ARCE, Merardo


From Bantayog ng mga Bayani (

Merardo Arce was the proverbial golden boy—bright, likeable, and good in sports and the arts.

Mer, as he was called, graduated salutatorian in high school and was a college scholar throughout his entire stay at the University of the Philippines in Diliman.

Mer joined the Upsilon Sigma Phi fraternity in 1970. At a time, the fraternity was becoming involved in student activism. Weeks before his fraternity initiation, Mel joined the storming of Malacañang in the demonstration that started the upheaval later known as the First Quarter Storm.

Mer joined the Kabataang Makabayan (KM) in 1971, and then helped set up the Panday Sining, a cultural group that popularized social issues through songs, poems and plays. Mer and his group often performed in rallies. Film and stage director Behn Cervantes, who was Mer’s fraternity brother, recalled seeing Mer always busy for his group’s performances.

Mer dropped out of college when martial law was declared in 1972. He went underground where he put his many talents into recruiting for the antidictatorship front. Mer got married, and in 1976, moved to Mindanao with his wife. There he continued to work underground.

Mer was an eff ective motivator and organizer. He spent nights diligently studying the conditions in the country and the history of the struggle of its people. Then he would share his insights with people in the villages he worked with. Because of his leadership skills, his commitment, and his decisiveness, Mer soon became a leader of the anti-martial law underground movement in Mindanao, helping develop the movement in that island.

Mer died in Cebu City in February 1985, with another comrade, Elym Diaz, a former instructor at the University of Mindanao.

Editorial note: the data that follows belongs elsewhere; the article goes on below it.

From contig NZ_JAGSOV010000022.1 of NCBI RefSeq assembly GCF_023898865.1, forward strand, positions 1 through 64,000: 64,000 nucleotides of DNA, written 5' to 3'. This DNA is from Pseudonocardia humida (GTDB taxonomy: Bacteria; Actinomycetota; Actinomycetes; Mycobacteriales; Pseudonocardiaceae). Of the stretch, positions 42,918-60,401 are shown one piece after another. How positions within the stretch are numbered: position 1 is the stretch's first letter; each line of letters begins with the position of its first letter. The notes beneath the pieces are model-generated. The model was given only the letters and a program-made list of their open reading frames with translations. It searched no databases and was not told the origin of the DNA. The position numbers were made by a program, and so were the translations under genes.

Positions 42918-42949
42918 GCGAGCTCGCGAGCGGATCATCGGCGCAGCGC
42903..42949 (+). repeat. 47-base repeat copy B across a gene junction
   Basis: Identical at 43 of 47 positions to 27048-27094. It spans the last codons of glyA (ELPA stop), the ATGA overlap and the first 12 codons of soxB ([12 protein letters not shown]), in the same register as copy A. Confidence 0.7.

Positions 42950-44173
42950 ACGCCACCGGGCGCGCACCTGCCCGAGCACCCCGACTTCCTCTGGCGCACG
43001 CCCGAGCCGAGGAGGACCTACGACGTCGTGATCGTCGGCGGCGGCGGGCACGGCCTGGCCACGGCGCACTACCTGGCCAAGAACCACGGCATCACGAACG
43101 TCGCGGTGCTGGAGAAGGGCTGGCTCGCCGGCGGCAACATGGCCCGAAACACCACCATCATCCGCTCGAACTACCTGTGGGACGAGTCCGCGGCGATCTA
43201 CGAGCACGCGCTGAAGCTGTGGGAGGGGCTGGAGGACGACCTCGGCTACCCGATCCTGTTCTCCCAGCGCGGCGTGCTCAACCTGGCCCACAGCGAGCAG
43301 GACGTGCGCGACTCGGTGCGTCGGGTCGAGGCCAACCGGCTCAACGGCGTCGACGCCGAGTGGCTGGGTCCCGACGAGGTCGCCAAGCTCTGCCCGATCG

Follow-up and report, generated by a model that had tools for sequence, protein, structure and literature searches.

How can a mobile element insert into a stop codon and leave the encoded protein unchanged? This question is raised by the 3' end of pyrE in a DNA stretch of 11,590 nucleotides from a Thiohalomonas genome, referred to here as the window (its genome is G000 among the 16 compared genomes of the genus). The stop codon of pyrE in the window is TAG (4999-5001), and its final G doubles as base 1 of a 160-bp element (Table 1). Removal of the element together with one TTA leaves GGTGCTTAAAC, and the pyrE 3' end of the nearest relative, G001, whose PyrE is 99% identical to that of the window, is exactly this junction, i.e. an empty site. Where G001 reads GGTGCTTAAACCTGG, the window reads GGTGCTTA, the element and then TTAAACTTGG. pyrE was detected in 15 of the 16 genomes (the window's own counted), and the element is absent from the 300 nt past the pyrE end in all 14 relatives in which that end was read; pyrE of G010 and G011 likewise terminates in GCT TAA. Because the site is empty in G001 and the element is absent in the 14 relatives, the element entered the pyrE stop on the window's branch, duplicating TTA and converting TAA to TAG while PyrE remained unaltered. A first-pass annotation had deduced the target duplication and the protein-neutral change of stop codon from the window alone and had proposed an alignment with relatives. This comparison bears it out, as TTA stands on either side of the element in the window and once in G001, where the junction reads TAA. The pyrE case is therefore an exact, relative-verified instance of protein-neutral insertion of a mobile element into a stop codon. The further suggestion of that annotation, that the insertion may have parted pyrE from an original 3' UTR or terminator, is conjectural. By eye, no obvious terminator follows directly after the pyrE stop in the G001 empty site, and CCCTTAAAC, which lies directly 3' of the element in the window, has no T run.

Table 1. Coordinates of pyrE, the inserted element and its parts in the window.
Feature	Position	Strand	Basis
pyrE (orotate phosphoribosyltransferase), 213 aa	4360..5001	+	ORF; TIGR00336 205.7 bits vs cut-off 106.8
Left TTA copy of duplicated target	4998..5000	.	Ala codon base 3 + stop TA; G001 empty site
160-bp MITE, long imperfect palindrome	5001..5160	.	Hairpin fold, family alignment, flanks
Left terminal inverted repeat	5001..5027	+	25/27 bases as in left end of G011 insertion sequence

The two friends had just hurriedly left an underground house, having learned that it was about to be raided by government troopers. But they were delayed because they had to evacuate documents and some family members. The two then tried to speed past a checkpoint, and when pursued, shoot their way out. They did not make it.

A statement issued by Mer’s friends and former associates wrote this tribute after he died: “… A terrorist, they say he was. Maybe. He was sowing terror in the hearts of evil men who plunder our land and wallow in graft and corruption and monopolize wealth and power and ride roughshod over our people. They say he was a top-ranking NPA commander in Mindanao. Maybe. The rank they attribute to Mer could easily be the equivalent to a generalship in the military. We can never be sure. But one thing we know, Mer was not receiving even a mere fraction of the P200,000 plus salary of a general in return for his services to our people. He was, in fact, giving all he had with nary a thought of self until fi nally, he gave his life. We are humbled by his death. It is a reminder of how some of us have trailed behind Mer in commitment to and faith in our people.”

May 30, 1953
February 05, 1985
Place of Death: 
Cebu City